But the reality is that it is problematic for many. In addition, the system is broken, and one of the problems is that it works so beautifully for the people who would otherwise have the ability to create change to some extent. And those are the children of the top income earners in the community who get all the attention from the shadchanim who work for a big payday by devoting all their attention to them. There’s really nothing wrong with that, as it is a legitimate business decision. The problem here is that so many — the other 99% of boys and girls — are often sitting around waiting to be the beneficiary of their largesse, but it is just not forthcoming.
So this is where I have recently found a common ground between the looking-for-a-job and the looking-for-a-shidduch efforts, and it is not necessarily in the results, although results are vital. Just involving people in the process and letting them know that they are being thought of means an extraordinary amount to many people.
Nosson Ginsbury has a database of 300 people who reached out to him for advice on finding a job after being victimized professionally by the pandemic. “We reached out to many companies,” Ginsbury says, “but we would not have had any success without Centers Health Care, Yakov Gade of Cross River Bank, and Ohel.”
He adds that responding to people and providing some direction, even if not successful in that particular instance, meant that those seeking help did not feel alone or isolated in their search.
Chaim Bess says that one morning in shul after davening a man approached him to thank him for helping him find a new job, but Chaim did not recognize the person or his name. “I went back to my records but could not find his name anywhere in our database,” Chaim says. He eventually figured out that a job lead he had provided someone else had been passed along to a friend who landed the job. So that means FrumBiz knows they helped out many men and women but cannot determine exactly how many.
Nosson Ginsbury adds that while he and Chaim were seeking to assist people to find work and in some instances manage finances, they discovered an unusual amount of large credit card debt that in many cases was out of control.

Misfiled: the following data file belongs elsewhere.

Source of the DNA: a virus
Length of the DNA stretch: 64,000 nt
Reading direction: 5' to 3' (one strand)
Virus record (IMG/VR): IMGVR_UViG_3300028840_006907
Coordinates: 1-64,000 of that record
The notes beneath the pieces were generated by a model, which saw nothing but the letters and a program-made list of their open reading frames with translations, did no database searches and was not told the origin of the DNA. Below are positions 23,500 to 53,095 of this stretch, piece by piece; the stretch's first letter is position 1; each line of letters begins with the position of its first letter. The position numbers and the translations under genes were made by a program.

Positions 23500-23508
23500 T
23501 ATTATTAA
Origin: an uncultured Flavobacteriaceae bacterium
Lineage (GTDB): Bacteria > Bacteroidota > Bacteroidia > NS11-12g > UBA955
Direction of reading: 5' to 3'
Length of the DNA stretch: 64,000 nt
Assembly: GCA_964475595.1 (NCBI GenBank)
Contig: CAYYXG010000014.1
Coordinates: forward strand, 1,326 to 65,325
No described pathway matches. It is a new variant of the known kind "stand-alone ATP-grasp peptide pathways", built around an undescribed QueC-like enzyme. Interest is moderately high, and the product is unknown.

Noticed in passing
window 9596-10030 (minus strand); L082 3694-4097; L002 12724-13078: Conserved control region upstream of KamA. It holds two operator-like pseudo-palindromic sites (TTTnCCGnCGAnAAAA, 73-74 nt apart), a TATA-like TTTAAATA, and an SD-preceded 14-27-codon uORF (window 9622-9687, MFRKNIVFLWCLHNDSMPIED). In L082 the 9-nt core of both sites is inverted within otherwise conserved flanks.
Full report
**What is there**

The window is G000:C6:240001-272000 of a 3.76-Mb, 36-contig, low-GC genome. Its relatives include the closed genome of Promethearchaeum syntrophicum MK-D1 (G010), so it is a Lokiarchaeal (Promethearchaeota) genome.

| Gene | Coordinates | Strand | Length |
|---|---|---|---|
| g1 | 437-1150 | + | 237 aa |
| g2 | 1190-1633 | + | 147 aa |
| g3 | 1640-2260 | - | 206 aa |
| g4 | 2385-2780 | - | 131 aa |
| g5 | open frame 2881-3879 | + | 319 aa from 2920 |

In reviewing the nature of the accrued debt, at an interest rate of 18% and upward, he found that an inordinate amount of that debt was incurred by paying tuition. He says that it looks like whether people have an income or not, they are too proud to go ahead and ask for a reduction in their yeshiva tuitions. While that is good for our yeshivas, it runs the risk of creating an insidious communal crisis.
So while people with children looking for a shidduch are not going into debt paying shadchanim, at least not yet, they do feel a sense of satisfaction and even fulfillment when someone calls them with an idea for their child. The mother of a young man whom we called out of the blue last week because we came across a young lady we thought would be suitable said to me that I lifted up her heart, knowing that someone is thinking of them and trying to be helpful.
Whether it is the search for work or a prospective candidate for marriage, there is unfortunately an obstacle course out there that needs to be navigated. That it is difficult and problematic for many is nothing new. By pitching in, though, we can lift people’s burdens, help to get things done, and simply make the effort easier, if that is possible.
Contact Larry Gordon at email@example.com. Read more of Larry Gordon’s articles at 5TJT.com. Follow 5 Towns Jewish Times on Facebook, Instagram, and Twitter for updates and live videos. Comments, questions, and suggestions are welcome at 5TJT.com and on Facebook, Instagram, and Twitter.